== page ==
H. D. Richardson, 1851, says of the King Charles: "The breed has been carefully preserved by the late Duke of Norfolk. The present Duke preserves two varieties of King Charles breed, the Black-and-tan and of middling size like an ordinary field Cocker. These latter sometimes occur black-and-white, and are kept at Arundel Castle. It is said that James II was attracted by these Spaniels. In London the Blenheim (which he previously describes as the black-and-tan or

Pyrame) is frequently crossed with the King Charles, so that the variety of colour on which the difference of nomenclature depends often appears in the same litter." This did not mean that the Red-and-white and Black-and-tan were crossed but the Black with the Black-and-tan.

Jesse, in 1865 (p. 176), says: "Our Marlborough and King James Spaniels are unrivalled in beauty, the latter breed that are black-and-tan, with hair almost approaching to silk in fineness (such as Van Dyck loved to introduce into his portraits), were solely in possession of the late Duke of Norfolk. He never travelled without two of his favourites. When at Worksop he used to feed his eagles with the pups." To feed one's eagles with Toy Spaniel puppies seems rather in the style of bravado with which Ouida's heroes light their cigarettes with bank notes. To feed one's eagles on bank notes would indeed be cheaper nowadays, not to speak of the feelings of the Society for Prevention of Cruelty to Animals.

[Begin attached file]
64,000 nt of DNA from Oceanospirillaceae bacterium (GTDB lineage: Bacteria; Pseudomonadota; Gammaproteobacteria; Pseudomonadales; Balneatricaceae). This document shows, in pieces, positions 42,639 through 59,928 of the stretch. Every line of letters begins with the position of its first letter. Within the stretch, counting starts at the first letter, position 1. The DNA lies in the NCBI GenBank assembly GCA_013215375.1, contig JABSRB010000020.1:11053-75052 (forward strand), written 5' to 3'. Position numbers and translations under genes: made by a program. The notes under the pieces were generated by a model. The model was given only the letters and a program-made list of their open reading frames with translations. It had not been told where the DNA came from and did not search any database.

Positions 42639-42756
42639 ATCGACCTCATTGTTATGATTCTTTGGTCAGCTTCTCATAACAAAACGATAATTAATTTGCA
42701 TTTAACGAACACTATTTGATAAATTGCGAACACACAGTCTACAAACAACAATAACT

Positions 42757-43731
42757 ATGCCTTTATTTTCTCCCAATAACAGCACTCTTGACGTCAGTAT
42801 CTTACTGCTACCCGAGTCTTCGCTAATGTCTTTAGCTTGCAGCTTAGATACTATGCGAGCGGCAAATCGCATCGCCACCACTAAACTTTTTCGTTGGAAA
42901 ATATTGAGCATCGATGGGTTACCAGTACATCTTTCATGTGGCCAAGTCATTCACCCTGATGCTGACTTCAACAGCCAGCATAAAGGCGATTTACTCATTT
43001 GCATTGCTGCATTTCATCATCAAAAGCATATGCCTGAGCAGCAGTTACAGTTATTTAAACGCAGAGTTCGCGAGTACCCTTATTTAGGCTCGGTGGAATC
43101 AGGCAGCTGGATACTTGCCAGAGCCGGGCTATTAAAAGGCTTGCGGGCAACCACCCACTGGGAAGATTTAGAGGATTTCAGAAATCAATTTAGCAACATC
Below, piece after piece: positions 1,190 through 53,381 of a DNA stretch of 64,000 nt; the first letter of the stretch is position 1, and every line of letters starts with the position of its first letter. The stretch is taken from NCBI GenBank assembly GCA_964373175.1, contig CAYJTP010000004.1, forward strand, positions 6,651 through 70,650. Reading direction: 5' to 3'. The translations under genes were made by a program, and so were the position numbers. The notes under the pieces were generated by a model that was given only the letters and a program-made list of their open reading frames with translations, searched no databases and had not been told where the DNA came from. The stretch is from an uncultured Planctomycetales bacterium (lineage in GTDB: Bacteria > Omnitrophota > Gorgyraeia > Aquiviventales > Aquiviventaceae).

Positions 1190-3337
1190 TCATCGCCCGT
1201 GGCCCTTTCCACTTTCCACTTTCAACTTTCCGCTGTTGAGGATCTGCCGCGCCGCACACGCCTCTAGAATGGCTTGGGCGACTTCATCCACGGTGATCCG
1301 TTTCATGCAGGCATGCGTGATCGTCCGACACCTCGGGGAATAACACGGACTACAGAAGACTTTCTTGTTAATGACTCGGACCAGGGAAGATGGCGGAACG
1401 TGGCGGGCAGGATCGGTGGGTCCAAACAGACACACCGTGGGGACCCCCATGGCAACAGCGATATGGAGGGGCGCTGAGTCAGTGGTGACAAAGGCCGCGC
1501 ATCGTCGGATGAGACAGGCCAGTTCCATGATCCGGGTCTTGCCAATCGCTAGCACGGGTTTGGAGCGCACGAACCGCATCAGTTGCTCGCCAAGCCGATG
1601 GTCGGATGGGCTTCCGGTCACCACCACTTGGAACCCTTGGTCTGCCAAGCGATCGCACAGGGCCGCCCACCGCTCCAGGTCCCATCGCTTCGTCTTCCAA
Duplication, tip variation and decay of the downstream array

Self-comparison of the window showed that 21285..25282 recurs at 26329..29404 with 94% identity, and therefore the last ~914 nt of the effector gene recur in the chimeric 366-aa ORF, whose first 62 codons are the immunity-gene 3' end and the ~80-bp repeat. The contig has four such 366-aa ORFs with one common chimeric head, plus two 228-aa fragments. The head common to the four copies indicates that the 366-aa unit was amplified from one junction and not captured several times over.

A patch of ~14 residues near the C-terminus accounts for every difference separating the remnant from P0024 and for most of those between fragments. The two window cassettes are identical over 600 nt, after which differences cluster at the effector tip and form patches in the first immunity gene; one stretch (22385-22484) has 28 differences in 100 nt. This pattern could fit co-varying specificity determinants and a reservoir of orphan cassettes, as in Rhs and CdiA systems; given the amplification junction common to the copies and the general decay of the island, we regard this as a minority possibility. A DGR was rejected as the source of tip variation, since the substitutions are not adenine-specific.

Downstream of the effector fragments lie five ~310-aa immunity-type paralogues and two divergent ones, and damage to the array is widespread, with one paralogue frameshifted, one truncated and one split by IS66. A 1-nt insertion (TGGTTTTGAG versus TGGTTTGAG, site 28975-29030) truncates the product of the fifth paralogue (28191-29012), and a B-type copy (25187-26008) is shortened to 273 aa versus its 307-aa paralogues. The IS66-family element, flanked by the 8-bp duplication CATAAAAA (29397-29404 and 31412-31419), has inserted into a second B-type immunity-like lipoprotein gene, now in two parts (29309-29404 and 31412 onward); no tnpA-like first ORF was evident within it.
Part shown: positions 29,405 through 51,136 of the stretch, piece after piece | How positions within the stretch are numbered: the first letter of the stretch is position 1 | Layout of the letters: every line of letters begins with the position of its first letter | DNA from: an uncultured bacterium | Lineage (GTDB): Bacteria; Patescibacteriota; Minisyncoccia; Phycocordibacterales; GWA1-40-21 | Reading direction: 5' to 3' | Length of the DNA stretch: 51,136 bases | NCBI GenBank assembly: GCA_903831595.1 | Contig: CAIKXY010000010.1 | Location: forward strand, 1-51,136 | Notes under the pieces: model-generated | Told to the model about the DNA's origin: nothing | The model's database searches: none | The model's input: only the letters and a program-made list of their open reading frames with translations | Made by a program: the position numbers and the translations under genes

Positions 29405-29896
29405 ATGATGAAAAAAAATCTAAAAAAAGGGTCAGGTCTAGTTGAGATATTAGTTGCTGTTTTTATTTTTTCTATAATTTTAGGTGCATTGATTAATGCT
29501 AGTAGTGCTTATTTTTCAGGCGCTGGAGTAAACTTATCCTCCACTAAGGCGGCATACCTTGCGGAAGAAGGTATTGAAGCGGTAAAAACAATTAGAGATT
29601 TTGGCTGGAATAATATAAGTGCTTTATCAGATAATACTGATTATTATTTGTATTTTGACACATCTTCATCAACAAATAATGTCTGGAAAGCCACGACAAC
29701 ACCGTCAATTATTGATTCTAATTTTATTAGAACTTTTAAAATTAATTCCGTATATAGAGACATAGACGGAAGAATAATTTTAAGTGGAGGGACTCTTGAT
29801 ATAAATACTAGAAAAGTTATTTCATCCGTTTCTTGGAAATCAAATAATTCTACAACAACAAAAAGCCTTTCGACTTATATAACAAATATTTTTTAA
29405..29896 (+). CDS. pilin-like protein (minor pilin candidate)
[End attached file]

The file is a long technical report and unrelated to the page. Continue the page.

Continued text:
I can find no trace of the Toy King Charles at Arundel Castle to-day, but there is a picture of the black-and-tan Sussex Spaniel, miscalled the "King Charles."

Lieut. H. Smith, as well as Richardson, says that the "Blenheim" is a Black-and-tan, so possibly the Duke of Marlborough kept the Pyrame as well as the red-and-white Springers with the spot, and both were originally by some people termed "Blenheims," simply from the place where they were bred. The Pyrame is persistently referred to, even as late as 1843, as a different and separate breed from the "King Charles," though the cross had already produced the Duke of Norfolk's Spaniel.

Mr. Martin, in 1845, again described the Blenheim or Marlborough as a Black-and-tan or Black-and-white, with the limbs beautifully spotted and a tanned mark over each eye (i.e., Tricolours). He states that the King Charles breed was black or black-and-white, not black-and-tan, and Craven (1846) also calls the Blenheim a Black-and-tan and the King Charles a black dog. The utter confusion of names and colours which overtakes historians in the nineteenth century is the natural result of the crossing of the breeds.

"The Springer or Cocker," says Rees, "is a variety closely allied to this kind (i.e., the King Charles). The dog called Pyrame by Buffon is also a variety of the same, and is distinguished by a patch of red on the legs and another over each eye." There is here a distinct inference that the true King Charles was not a Black-and-tan. Bewick gives the King Charles and Pyrame as different species, and includes "the Comforter" in the same class, and the woodcut shows it with a nose. In Goldsmith's "History of the Earth," the King Charles is described as " a small variety of springing Spaniel prized as a fancy lap-dog," in proportion to its diminutiveness: sometimes found entirely black, and then is called, in England, King Charles dog from the liking evinced by Charles II.

Youatt, in 1845, speaks of the good Blenheim as rare.